Kalodner, Van Dusen and Aldisert, Circuit Judges.
VAN DUSEN, Circuit Judge.
These are appeals by the Postmaster General and Local Postmasters (hereinafter sometimes referred to as the Post Office) from orders dismissing as moot suits asking for permanent injunctions against them. The preliminary injunctions were conditioned on the posting of a bond by the plaintiffs to cover damages incurred during the pendency of the injunction. The Post Office claims it is entitled to the bond and, since recovery is dependent on a final judgment on its behalf on the merits of the applications for final injunctions, that the present suits are not moot and should be allowed to go forward to trial. This court's jurisdiction is based on the Administrative Procedure Act, 5 U.S.C. § 500 et seq. (1964) and 28 U.S.C. § 1339 (1964).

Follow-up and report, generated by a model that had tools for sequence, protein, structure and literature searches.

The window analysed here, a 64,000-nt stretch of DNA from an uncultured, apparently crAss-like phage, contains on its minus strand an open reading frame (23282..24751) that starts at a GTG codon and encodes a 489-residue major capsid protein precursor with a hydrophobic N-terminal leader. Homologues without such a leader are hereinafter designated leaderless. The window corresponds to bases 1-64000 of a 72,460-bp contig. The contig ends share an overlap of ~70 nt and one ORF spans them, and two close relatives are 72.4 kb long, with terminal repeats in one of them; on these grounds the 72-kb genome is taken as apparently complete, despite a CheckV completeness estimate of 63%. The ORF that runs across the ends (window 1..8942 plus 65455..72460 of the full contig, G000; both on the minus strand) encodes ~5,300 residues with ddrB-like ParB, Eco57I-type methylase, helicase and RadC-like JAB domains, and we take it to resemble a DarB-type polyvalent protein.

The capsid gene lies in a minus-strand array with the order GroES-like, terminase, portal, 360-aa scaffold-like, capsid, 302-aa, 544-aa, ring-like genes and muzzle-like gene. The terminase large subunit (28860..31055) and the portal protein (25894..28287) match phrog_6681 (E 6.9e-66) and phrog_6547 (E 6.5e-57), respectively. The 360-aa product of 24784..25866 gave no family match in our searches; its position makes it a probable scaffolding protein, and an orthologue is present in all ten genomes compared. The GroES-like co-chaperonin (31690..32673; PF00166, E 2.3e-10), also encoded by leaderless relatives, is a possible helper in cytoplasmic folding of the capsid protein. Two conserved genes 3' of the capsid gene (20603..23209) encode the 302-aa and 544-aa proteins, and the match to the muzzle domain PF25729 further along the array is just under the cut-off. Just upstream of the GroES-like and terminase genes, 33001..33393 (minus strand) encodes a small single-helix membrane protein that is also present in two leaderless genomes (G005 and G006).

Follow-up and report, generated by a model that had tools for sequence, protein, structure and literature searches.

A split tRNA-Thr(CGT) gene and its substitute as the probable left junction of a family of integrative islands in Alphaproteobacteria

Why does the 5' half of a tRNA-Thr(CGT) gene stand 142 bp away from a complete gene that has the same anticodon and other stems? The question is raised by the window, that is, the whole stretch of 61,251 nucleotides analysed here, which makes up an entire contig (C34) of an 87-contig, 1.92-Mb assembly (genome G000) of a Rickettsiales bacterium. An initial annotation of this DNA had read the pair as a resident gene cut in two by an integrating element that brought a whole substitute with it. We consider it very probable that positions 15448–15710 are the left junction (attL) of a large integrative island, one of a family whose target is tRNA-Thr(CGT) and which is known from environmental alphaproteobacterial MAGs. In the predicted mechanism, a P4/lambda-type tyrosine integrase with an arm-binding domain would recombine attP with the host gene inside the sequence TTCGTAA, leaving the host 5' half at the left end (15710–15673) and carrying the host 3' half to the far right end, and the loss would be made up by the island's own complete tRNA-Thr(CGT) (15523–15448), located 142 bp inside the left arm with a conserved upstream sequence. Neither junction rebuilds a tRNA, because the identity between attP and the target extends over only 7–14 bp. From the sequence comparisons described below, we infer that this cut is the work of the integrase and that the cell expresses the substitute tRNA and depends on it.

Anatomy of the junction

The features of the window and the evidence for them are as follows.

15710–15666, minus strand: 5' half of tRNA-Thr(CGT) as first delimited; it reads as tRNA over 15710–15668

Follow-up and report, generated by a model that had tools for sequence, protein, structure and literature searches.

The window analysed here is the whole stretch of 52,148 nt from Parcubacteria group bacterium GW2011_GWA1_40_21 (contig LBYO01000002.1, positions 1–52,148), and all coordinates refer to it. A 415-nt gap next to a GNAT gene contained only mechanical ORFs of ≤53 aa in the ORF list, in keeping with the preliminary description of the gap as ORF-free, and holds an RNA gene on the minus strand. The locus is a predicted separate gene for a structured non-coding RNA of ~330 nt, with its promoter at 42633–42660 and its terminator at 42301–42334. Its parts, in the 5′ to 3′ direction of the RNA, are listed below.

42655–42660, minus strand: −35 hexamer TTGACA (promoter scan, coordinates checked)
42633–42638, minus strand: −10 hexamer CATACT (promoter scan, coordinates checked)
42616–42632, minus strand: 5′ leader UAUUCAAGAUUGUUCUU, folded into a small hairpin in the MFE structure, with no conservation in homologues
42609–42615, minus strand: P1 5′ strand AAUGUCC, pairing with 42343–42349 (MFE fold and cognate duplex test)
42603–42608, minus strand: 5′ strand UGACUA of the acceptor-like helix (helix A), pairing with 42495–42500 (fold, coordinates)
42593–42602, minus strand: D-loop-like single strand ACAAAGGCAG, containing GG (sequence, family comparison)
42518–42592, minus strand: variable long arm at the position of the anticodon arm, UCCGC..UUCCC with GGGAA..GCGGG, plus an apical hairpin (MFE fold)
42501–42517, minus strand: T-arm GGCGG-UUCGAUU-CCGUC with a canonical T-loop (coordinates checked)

On June 29, 1968, the Postmaster General published in the Federal Register a notice of proposed rulemaking dealing with the manner in which volume users eligible for the preferential fourth class rates*fn1 present material for mailing. 33 Fed.Reg. 9554 (1968). This action was taken pursuant to section 108(e) of the Postal Revenue and Salary Act, 39 U.S.C. § 4554(e) (Supp. V, 1964), which provides that, in order to benefit from the special fourth class rates, those who mail in quantities of a thousand or more must do so in the manner prescribed by the Postmaster General.*fn2 After evaluating the views and recommendations submitted in response to the notice, the Postmaster General, on August 9, 1968, promulgated Postal Regulation 135.2(a) (6) to take effect in two stages. 33 Fed.Reg. 11359 (1968). During the first stage, commencing October 1, 1968, mailers would be required to sort and sack identical pieces mailed in quantities of 1000 or more daily, in accordance with the first three digits of the ZIP code. During the second stage, effective January 15, 1969, mailers who presented 1000 or more pieces in a single day would be required to include the full ZIP code on all pieces, both identical and non-identical, to sort and sack identical pieces by three-digit ZIP code areas, and to sort and sack non-identical pieces according to the state of destination.*fn3 Upon being notified by a number of mailers that they would be unable to comply by October 1, 1968, with the requirements becoming effective on that date, the Post Office announced that it would "enter into an agreement to perform on a reimbursable basis separating and sacking services necessary for compliance with the regulation for a period of 60 days * * *" 33 Fed.Reg. 14725 (1968).*fn4